The Management Buy-In team and the existing owners must negotiate the terms of the acquisition, including the sale price, structure of payments, and arrangements relating to the future role of the seller in the business (if any).

5.    Funding arrangements for an MBI

The acquiring team must usually secure funding for a Management Buy-in to proceed. Typically, this funding will involve equity investment from the team and financing from banks or other lenders, often a combination of both.

6.    Legal and regulatory obligations

Once the terms of the acquisition have been agreed upon, legal documentation, including share purchase agreements and ancillary documents, will be drafted. Any regulatory approvals necessary for the change in ownership will also be sought. These regulations will depend on the jurisdiction and industry of the company.

7.    Communication with employees

The outgoing management team must communicate the impending change clearly with the team. This is important for addressing any concerns and questions before the transaction is finalised.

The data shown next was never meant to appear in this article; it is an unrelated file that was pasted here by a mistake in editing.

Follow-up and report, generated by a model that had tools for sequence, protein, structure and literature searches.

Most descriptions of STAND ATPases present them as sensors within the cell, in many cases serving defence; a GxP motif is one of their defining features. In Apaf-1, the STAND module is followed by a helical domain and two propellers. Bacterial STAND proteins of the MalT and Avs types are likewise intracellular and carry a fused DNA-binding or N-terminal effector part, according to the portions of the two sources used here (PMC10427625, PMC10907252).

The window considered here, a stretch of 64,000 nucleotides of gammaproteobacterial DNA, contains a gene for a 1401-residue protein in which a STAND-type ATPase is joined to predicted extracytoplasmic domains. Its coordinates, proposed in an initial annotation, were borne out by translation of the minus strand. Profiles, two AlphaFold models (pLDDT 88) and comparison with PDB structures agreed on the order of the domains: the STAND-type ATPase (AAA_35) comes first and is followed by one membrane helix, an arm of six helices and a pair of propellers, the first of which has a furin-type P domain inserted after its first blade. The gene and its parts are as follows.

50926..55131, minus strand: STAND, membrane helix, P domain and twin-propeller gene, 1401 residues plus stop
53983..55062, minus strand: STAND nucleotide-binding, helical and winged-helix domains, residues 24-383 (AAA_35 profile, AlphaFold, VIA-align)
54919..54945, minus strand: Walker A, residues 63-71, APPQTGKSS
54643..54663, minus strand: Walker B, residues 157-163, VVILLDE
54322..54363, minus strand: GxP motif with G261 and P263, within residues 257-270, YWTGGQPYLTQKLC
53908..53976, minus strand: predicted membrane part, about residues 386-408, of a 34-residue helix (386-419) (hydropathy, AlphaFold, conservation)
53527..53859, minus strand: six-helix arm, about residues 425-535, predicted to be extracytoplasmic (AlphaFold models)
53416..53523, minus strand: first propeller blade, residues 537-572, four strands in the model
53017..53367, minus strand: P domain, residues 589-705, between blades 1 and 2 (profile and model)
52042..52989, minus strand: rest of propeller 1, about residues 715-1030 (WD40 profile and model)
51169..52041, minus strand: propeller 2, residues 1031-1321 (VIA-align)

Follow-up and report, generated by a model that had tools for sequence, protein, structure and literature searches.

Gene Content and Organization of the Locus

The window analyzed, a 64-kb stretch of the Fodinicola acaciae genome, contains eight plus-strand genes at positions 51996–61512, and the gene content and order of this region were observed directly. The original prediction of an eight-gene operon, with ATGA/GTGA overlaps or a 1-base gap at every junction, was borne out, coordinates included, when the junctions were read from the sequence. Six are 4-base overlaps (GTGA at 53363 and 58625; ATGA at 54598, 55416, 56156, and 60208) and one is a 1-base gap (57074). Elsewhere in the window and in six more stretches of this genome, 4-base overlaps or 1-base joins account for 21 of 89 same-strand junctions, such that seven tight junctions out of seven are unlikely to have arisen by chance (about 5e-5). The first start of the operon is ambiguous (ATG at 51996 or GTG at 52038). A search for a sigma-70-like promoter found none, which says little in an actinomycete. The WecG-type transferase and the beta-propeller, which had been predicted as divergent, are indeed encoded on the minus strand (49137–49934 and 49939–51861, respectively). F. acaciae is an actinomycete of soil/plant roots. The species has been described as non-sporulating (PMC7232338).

8.    Completion of transaction

When all other requirements have been met, the transaction can be finalised, including payment of the agreed-upon purchase price and transfer of ownership to the new management team. From here, the new team will generally take over the day-to-day business management and begin implementing changes.


If you are part of a group looking to acquire a business via a Management Buy-in route, or if you are a business owner planning their exit and would like to understand the options available, we invite you to contact our dedicated Corporate Finance team for advice.



Ellie Wilcockson

South Yorkshire's emerging dealmaker of the year 2018, Ellie has worked on a wide variety of transactions in the region, driving deals through to completion and getting the best results for clients.